Anybody who knows me, knows that I have the travel bug. It may have bitten me before university, but I really got the fever after my student exchange in my third year of uni. Since then, I’ve done a 2 month solo trip through 8 countries, and am gearing up for another (shorter) trip relatively soon.
Solo travel is on the rise for 2017, particularly for women, and I could not advocate for it enough. It is such an enriching experience to (essentially) be selfish when travelling. You can make your own schedule, spend as much time as you like, wherever you like, and learn that you are strong enough, and brave enough to handle anything. Travelling alone also opens up your eyes to the kindness that strangers display, while making it easier to let a new culture really envelop you. I want everybody to find that same joy in travelling that I do, and now it’s easier than ever!
All of these experiences have made me an excellent planner when it comes to vacations. In my regular life, I’m fairly laid back and am happy to go with the flow, however, when planning a trip, research is key! Let me make it easy for you by breaking it down into categories.
Doing Your Research
If you know where to go, great. Research the city or country, look up the popular sites and the hidden ones and determine what is the best time of year to go. I wouldn’t recommend the busy season (aka summer). Who wants to spend a ton of money and be stuck with all the crowds? Rather, look for a fairly warm time of year (late spring or early autumn) and then decide how many days would be enough to capture the gist of the place.
If you don’t know where to go, then books and online resources can be of great help. I often turn to Lonely Planet. They were kind enough to send me a couple books, and oh my lordy, I’ve fallen in love with them. I’ll be honest, one of them is my absolute standout (and you NEED it in your life), but the other two are pretty useful as well, depending on what you’re looking for.
As the title might suggest, this goes through 50 of the world’s most interesting festivals. I thought I could guess most of them, for instance Holi in India and the Montreal Jazz festival in Canada, but they had unusual events such as the Wife Carrying Festival in Finland or the Rocket War in Greece. Super cool! And depending on your interests, you have stuff to add to your travel list.
Disclaimer, I am not engaged or married or anywhere close to going on a honeymoon. Therefore I thought this book would be useless to me. That is not so! This book puts together a handy dandy list of the most budget friendly places to travel, along with the most luxurious. It talks about different countries, gives ideas on what to do there and how to smartly budget for it all. That being said, I do think it’s a must read for engaged couples who want to go somewhere cool for their honeymoon, and not necessarily break the bank.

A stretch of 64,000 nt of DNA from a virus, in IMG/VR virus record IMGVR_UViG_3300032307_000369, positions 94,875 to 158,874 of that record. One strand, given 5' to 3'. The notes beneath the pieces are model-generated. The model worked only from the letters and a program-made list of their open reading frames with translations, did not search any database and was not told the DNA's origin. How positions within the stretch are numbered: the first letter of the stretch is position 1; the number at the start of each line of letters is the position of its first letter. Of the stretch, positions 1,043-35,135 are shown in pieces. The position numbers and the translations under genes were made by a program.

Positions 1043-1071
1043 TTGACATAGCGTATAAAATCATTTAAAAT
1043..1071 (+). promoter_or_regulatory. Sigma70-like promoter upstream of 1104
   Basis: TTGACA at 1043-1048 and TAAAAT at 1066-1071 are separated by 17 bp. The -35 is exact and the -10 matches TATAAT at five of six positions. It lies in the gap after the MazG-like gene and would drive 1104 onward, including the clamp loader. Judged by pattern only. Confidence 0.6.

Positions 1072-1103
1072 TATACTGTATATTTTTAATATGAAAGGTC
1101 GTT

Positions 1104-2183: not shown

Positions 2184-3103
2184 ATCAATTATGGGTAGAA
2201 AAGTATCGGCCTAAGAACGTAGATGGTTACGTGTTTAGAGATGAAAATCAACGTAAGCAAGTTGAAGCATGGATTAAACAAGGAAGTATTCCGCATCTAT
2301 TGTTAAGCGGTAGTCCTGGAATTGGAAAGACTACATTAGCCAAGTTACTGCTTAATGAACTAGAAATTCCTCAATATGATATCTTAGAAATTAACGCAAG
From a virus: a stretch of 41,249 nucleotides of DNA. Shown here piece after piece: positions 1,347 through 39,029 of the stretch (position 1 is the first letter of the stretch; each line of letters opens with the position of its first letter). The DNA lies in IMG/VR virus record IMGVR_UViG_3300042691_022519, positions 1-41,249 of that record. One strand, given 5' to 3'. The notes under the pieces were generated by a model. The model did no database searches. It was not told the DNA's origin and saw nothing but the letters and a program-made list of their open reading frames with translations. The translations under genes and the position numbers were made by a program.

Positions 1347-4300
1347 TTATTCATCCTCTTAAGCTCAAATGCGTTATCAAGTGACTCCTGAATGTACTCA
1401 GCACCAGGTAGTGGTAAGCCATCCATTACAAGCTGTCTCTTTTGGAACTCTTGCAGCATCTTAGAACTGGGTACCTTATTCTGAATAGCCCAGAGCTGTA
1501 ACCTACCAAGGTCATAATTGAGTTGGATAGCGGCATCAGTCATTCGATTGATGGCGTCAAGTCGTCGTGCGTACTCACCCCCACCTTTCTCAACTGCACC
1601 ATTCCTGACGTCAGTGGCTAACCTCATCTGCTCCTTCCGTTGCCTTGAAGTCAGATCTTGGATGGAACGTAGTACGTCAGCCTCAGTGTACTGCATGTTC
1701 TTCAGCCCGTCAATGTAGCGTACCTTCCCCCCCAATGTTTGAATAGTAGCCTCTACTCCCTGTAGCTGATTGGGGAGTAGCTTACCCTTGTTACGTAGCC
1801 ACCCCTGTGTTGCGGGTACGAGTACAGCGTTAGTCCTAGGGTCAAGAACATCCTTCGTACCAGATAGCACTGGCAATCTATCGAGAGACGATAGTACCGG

To purchase: Amazon
I love this book. You NEED this book. Goddamn, it is just so gorgeous to look at and I want to visit all 500 of the world’s best places to visit (and they’re ranked)! It’s a great book to browse for ideas, gush over the gorgeous pictures and just learn more about the world. This is a great coffee table book and it’s also very giftable.
Looking up Flights
Now this is the fun part! Yes, I know, get ready to part with your money, but I am all about the good deals. No way am I spending more money than I need to…I’m a broke-ass student after all. Plus, this leaves me with more money for shopping .
For all-round travel, check out:
- Momondo: This is my favourite site for looking for inexpensive flights! Not only does it show the main airlines, but it also shows flights from budget airlines like WOW, Easyjet and Ryanair. The prices are sometimes even more competitive than Skyscanner, but they’re both good.
- Skyscanner/Google Flights: both these search engines are basically the same as Momondo, so use them interchangeably or whichever one you prefer!
- Scott’s Cheap Flights: I don’t actually remember where I stumbled upon Scott’s services; it might’ve been this AskReddit thread, but he offers an email service notifying people of cheap flights! As easy as his name might suggest.
For Euro-specific travel, check out:
- local/national transportation options, such as trains
Where to Stay
I can only speak to my own experience, but I’ve really enjoyed staying in hostels. There are some awesome ones out there with fantastic amenities. If you’d like to go that route or even try couch surfing, I would recommend the sites down below.
Planes, Trains or Automobiles
This is a decision of convenience and time over money. If it’s a shorter trip, I’d recommend getting relatively cheap local flights. To do this, travel only with a carry-on, in order to save on baggage fees. If you have more time, but less money, than trains are definitely the way to go. Public transportation is amazing, so I’d only recommend renting a car if you’re wanting to do a road-trip (around Ireland or Iceland for instance).
It can be painful to take a whole chunk of change from your bank account all at once when planning a vacation. I tend to avoid this by actively saving for trips, transferring X amount of money into a savings account every week. It’s painless, easy and allows for guilt-free travel (or whatever I want to spend it on). You can use charts on Pinterest to help you track it all – such as these.
Some of this might seem self-explanatory, but I’m writing this post for those of you who want to travel but don’t know quite how to get started. I think I’ve covered all the major topics, but if I think of anything else (or you have more questions), there will be more blogposts to come!
*Items in this post were sent as PR samples by Lonely Planet